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It is ranking season! One of the biggest questions that always comes up during this fretful period of US News change is, “Well, why did so-and-so rise? What terrible horrors befell Princeton Law that caused their drop of one whole place in the ranking?” This spreadsheet attempts to answer those questions for you with a category-by-category break-out of publicly available changes. Each category is listed by school, for the top 100 schools per the 2022 US News rankings.
Category by Category Differences in US News Rankings
We’re discussing all of the data from the chart above. To optimize your ability to view this chart, open it on a browser on a desktop or laptop.
There are a few things to note here. The first is that a decrease in the rankings doesn’t necessarily mean a decrease in the “quality” of the school for USN ews purposes. In fact, a number of schools increased in raw score while taking a dip in the ranking (i.e., University of Southern California, Arizona State, George Washington, Colorado). It is simply that peer schools had a little bit more movement than these schools did this year.
The second is that there was quite a furor regarding some changes to the rankings formula, with the introduction of average debt incurred for law school amongst students who took out debt (3% of the new formula) and percentage of students who took out debt (2%). The weights allocated to the “selectivity” categories of test scores, uGPA, and acceptance rate decreased correspondingly, as did the weights allocated to student/teacher ratio, amounts spent on services per student, and amount spent on financial aid. This is similar to the shifts made in the undergraduate rankings, to emphasize outcomes. It personally surprised me how low the % of students taking on debt was at certain schools; I expected more people to have to face a debt burden without the assistance of the rare full ride + stipend deals out there.
Changes to the Formula
There were two other interesting changes to the rankings formula: (i) an increase in weighted bar passage, which is first time bar passes divided by the weighted state bar passage for a particular school, and (ii) a more robust ranking system for the library. Previously, the library rankings included the number of titles and number of volumes available to students, which doesn’t do a whole lot of good for anyone. Now, the library has shifted to include more important factors, such as hours available, number of seats per student, and other factors.
In addition, a raw “increase” in a category (i.e., picking up an extra LSAT point in the median) can actually cause a “decrease” in score. This is because scores are based on standardized data. Data is standardized in relationship with the average, and the “points” allocated to a particular category are given based on how many standard deviations away from a category’s average a school happens to be. The more standard deviations, the more points. So if Princeton Law increases its LSAT score by one point, but everyone else increases their LSAT score by three points, Princeton Law’s LSAT “value” for rankings purposes actually goes down.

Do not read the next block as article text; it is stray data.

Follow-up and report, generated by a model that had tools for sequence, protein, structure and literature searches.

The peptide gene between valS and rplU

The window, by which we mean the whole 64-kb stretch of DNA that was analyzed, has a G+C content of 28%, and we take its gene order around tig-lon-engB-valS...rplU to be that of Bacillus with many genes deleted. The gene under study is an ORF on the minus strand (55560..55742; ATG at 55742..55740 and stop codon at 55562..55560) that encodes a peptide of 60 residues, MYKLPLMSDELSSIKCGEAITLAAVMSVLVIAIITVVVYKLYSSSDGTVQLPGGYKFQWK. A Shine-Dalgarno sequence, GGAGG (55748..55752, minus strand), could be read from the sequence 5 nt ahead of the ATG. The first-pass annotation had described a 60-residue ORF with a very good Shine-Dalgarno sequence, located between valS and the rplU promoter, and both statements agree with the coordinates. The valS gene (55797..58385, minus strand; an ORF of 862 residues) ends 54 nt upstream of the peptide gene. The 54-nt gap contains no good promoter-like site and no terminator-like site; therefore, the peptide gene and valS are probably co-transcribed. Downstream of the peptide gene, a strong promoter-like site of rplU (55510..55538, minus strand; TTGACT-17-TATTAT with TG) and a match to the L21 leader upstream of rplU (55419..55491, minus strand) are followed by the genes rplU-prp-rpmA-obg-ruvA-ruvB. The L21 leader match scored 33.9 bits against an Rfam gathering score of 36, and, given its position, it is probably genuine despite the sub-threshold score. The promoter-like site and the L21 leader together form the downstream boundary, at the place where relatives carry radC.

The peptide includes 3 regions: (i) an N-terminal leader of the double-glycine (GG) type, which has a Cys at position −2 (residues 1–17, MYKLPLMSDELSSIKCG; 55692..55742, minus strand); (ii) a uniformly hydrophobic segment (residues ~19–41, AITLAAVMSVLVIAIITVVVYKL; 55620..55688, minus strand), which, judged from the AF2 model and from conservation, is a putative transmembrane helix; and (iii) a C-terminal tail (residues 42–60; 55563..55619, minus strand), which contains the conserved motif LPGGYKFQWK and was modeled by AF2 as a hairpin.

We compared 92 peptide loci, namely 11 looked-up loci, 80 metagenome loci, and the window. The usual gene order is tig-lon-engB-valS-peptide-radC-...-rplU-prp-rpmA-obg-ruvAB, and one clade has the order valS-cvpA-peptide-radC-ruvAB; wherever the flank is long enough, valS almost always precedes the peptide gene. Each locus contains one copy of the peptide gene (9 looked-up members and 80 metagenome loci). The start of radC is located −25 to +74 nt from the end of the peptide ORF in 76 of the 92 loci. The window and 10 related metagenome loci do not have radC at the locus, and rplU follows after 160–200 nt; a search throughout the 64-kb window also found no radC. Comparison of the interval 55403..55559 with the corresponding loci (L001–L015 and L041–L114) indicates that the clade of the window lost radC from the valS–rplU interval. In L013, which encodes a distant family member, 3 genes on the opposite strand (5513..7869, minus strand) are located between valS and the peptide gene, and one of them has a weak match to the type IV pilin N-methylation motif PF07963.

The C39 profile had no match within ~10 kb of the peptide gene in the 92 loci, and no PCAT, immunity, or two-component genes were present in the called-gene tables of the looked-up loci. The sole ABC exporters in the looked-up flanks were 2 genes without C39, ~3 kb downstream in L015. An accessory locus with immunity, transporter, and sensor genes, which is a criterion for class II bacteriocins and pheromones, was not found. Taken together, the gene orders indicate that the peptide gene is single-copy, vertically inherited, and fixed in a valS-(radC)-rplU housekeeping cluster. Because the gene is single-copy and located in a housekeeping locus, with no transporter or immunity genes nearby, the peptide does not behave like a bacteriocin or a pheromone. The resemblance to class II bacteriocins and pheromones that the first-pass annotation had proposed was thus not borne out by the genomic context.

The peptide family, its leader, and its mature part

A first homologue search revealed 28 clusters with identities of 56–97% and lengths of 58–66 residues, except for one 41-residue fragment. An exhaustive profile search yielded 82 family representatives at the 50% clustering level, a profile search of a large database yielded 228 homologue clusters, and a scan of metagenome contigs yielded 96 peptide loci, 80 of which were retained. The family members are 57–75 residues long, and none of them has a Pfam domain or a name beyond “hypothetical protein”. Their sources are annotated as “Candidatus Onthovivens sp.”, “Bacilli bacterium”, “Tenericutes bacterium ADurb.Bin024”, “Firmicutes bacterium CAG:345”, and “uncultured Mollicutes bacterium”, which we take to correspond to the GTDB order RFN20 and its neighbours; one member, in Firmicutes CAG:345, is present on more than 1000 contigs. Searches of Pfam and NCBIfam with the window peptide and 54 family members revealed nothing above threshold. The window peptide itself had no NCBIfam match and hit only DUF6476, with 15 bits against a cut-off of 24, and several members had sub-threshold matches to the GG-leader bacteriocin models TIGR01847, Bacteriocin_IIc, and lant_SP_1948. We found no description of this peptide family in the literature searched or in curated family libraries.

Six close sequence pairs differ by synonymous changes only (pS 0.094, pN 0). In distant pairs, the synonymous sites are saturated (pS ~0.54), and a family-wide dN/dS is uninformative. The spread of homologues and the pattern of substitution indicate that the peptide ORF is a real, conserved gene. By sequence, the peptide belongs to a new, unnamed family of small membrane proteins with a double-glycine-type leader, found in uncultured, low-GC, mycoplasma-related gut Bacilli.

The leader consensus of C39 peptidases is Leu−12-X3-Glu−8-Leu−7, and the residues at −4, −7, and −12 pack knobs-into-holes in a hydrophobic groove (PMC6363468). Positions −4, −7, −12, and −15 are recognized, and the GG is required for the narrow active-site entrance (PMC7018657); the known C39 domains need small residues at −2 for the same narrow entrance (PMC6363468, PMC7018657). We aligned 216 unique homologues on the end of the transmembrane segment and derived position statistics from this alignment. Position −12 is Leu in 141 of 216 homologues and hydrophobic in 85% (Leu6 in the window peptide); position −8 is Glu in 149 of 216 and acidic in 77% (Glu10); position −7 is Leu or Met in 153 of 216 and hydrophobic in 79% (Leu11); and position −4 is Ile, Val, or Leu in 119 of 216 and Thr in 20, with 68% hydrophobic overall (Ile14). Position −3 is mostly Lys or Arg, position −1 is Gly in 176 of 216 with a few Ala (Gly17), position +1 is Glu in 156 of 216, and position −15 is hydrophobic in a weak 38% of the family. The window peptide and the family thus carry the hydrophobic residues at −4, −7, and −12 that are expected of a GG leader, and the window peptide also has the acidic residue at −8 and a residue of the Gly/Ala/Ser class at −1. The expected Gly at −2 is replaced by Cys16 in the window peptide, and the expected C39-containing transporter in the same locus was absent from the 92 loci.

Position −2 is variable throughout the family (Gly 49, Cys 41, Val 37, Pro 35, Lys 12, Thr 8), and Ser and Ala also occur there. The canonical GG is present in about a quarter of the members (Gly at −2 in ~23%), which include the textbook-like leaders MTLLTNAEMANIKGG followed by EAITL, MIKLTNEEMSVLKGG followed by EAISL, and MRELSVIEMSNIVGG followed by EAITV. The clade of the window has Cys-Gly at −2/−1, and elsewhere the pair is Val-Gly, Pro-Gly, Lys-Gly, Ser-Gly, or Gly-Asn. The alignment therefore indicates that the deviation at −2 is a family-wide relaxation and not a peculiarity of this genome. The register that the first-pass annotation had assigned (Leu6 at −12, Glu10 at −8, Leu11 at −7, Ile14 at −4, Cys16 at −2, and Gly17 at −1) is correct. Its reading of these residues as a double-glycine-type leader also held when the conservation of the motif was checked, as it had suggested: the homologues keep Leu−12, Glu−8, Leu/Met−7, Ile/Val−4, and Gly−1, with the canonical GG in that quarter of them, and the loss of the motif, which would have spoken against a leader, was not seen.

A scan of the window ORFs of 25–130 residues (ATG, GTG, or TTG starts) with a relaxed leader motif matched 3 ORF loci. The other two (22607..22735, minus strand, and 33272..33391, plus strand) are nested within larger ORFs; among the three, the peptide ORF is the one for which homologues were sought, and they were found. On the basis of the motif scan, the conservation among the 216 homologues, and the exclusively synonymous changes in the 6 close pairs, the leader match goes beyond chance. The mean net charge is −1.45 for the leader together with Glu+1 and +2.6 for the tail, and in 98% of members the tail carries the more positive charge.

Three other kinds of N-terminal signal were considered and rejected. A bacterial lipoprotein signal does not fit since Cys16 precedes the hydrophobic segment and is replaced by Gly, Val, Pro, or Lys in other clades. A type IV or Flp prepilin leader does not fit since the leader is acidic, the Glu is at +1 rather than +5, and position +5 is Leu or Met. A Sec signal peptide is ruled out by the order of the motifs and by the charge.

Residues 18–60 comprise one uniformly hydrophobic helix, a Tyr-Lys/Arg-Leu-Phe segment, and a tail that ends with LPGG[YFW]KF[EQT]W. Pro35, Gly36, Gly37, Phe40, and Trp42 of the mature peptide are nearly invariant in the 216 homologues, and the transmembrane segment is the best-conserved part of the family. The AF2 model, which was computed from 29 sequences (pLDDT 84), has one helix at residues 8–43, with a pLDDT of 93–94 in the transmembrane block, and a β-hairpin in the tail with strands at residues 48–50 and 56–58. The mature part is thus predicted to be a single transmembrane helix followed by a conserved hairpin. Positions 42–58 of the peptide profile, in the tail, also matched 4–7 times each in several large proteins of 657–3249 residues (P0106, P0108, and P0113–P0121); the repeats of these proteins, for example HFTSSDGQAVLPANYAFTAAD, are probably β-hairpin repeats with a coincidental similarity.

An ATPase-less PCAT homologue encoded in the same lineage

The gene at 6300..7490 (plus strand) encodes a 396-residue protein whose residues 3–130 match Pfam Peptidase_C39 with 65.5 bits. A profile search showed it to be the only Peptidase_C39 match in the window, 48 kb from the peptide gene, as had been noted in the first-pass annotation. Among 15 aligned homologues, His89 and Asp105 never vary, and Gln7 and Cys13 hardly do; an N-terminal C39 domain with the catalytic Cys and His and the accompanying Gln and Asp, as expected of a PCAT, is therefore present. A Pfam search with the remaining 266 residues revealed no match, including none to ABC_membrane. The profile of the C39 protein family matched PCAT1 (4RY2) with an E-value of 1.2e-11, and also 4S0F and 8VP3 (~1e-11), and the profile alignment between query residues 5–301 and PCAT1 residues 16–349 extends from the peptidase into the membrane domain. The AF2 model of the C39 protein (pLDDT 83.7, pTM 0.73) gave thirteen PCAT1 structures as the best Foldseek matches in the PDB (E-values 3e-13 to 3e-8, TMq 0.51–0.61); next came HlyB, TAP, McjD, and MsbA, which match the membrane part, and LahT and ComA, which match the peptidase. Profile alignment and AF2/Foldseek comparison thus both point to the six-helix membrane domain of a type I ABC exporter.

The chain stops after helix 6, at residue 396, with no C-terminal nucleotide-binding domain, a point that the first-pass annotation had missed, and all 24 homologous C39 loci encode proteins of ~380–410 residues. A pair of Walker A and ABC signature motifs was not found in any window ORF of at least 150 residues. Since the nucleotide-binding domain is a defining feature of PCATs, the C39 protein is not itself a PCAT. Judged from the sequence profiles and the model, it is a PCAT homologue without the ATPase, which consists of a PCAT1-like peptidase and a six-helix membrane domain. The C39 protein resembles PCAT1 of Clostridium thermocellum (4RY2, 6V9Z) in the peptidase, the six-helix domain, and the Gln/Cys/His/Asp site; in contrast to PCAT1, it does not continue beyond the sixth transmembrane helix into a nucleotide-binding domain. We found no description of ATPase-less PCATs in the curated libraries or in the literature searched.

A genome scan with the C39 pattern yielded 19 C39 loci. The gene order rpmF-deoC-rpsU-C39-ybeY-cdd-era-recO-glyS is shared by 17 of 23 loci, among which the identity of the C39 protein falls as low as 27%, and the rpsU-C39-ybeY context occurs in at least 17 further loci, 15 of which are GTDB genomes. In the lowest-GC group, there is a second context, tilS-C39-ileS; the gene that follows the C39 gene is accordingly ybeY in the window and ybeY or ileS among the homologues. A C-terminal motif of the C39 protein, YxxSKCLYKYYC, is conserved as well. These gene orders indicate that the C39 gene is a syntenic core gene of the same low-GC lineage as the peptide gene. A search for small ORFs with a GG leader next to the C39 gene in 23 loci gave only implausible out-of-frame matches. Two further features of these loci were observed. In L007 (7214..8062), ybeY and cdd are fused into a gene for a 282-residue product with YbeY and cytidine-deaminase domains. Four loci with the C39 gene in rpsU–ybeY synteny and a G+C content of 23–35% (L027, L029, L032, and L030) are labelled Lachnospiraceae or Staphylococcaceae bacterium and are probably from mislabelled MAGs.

US News includes the median GRE scores as percentiles for the category “test scores.” For simplification purposes, and to allow as much of an apples-to-apples comparison as possible, only the LSAT scores are shown in the spreadsheet. US News also has a multi-tiered ranking system for the various categories of jobs, with full weight being applied to full-time, long-term, JD required and JD advantage jobs. For simplification purposes, only these numbers were shown. Most of this data can be found on schools’ ABA reports, which can be accessed here. Some of the data is only available on the US News website, and still other data is just not available to the public, and thus, not included in this spreadsheet.
The Big News
It looks like we have a new “T6”, as Penn caught up to NYU. Penn has long hung out in limbo between “T6” and the “lower half of the T14”; I wonder if the increasingly arbitrary cut-offs for ranking categories will change accordingly?
UCLA overtook GULC; UCLA’s raw score is also now within spitting distance of Cornell. Will we continue to see some shake up in the infamous “T14”, or will things stabilize after this year? Will schools at the tippy top become more generous financially with the new rankings, or do they not have an incentive to do so, with the distance that remains between them and everyone else?
Texas A&M, a relatively young program, has claimed a meteoric rise past Baylor and Texas Tech, two other stalwarts of the Lone Star State. Will the power of its undergrad university push it past SMU?
Only time will tell! But for now, these year’s rankings have been etched into history.